LEFEBVRE, Jules Joseph (artist) (1836-1911); GOUPIL & CIE. (photographers & publishers)
Photograph of the oil painting “Chloé” at its first showing at the Paris Salon, 1875.
Albumen print photograph, 270 x 137 mm, blind stamped lower left ‘Goupil & Cie.’, laid down on its original board mount, lithographed text across the bottom margin: ‘1478. Chloé. Peint. par Lefebvre / Photographié par Goupil & Cie. Galerie Photographique / Salon de 1875. Publié par Goupil & Cie., Editeurs’, accompanied by a 3-line extract from André Chenier’s poem Mnazile et Chloé: ‘Il visite souvent vos paisibles rivages / Souvent j’écoute, et l’air qui gémit dans vos bois / À mon oreille au loin vient apporter sa voix’; scattered pale foxing to the print and mount; later timber frame (unglazed).
The beautiful young model who posed for French artist Jules Joseph Lefebvre in his evocation of a pastoral idyll from classical antiquity was a 19-year-old Parisienne identified only as Marie, who is reputed to have committed suicide out of unrequited love at the age of 21. Since 1909, when Henry Young and Thomas Jackson first displayed her in the bar of their hotel on the corner of Flinders and Swanston Streets, Chloé has been a Melbourne icon, in turn condemned, romanticised and fetishised. But the painting’s association with Australia goes back further than that: after its first showing at the Paris Salon of 1875, where it won Lefebvre the prestigious Gold Medal of Honour, it was brought to Australia and exhibited in the French gallery at the Sydney International Exhibition in 1879, and again at the Melbourne Exhibition the following year, winning a gold medal at both events. Chloé was then purchased by Dr. Thomas Fitzgerald of Melbourne, for 850 guineas – an astronomical sum for the time, particularly in the Australian colonies. In 1883 Fitzgerald loaned the painting to the National Gallery, on the understanding it would be returned to him after his proposed three-year visit to Ireland. However, its full frontal nudity proved scandalous in the puritanical atmosphere of Melbourne society, and after only three weeks the Gallery was forced to bow to pressure from the Presbyterian Assembly: Chloé was essentially banned from public display in Melbourne, and Fitzgerald was obliged to send the painting to Adelaide for safe-keeping during his absence from Australia.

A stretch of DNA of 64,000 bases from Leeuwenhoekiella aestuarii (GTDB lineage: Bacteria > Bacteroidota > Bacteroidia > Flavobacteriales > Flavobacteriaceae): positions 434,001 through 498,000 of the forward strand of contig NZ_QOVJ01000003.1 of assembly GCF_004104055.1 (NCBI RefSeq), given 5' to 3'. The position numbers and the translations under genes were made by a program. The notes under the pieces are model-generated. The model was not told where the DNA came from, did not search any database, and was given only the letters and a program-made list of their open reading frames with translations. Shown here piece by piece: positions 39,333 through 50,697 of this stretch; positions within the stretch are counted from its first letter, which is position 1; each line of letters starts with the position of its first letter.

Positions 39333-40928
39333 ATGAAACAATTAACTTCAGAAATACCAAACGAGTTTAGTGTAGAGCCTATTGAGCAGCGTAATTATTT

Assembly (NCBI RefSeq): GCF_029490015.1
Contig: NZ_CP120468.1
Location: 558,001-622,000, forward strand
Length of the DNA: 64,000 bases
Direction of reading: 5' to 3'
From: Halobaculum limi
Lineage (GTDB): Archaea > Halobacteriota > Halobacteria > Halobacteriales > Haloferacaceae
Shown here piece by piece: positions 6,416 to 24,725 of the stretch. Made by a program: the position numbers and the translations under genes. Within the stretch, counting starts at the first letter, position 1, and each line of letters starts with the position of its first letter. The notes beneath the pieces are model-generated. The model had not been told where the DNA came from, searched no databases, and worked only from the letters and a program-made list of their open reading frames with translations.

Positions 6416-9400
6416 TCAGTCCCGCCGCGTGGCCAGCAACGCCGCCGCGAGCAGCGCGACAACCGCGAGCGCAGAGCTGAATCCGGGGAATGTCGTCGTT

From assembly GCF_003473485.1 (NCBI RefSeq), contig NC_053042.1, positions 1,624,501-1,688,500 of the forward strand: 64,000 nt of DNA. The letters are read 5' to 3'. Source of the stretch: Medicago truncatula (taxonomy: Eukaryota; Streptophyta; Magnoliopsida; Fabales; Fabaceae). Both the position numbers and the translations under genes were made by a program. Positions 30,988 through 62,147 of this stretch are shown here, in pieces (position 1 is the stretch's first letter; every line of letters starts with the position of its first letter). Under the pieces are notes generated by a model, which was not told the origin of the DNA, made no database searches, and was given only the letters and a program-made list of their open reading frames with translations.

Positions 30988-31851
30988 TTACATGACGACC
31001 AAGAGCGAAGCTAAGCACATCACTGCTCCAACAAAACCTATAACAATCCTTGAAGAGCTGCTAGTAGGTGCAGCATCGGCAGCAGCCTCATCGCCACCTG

From the late 1880s until his death in 1908, Chloé hung in Fitzgerald’s Lonsdale Street residence – even though he was forced to move her from the front room to the back of the house after complaints from prurient passers-by. The painting was acquired from Fitzgerald’s estate at auction for £800 by collector and publican Norman Figsby Young in 1908. Having been on permanent display in Young & Jackson’s Hotel since 1909, Chloé has long been synonymous with this famous Melbourne landmark, and the painting itself has played a significant part in the cultural and social history of the city.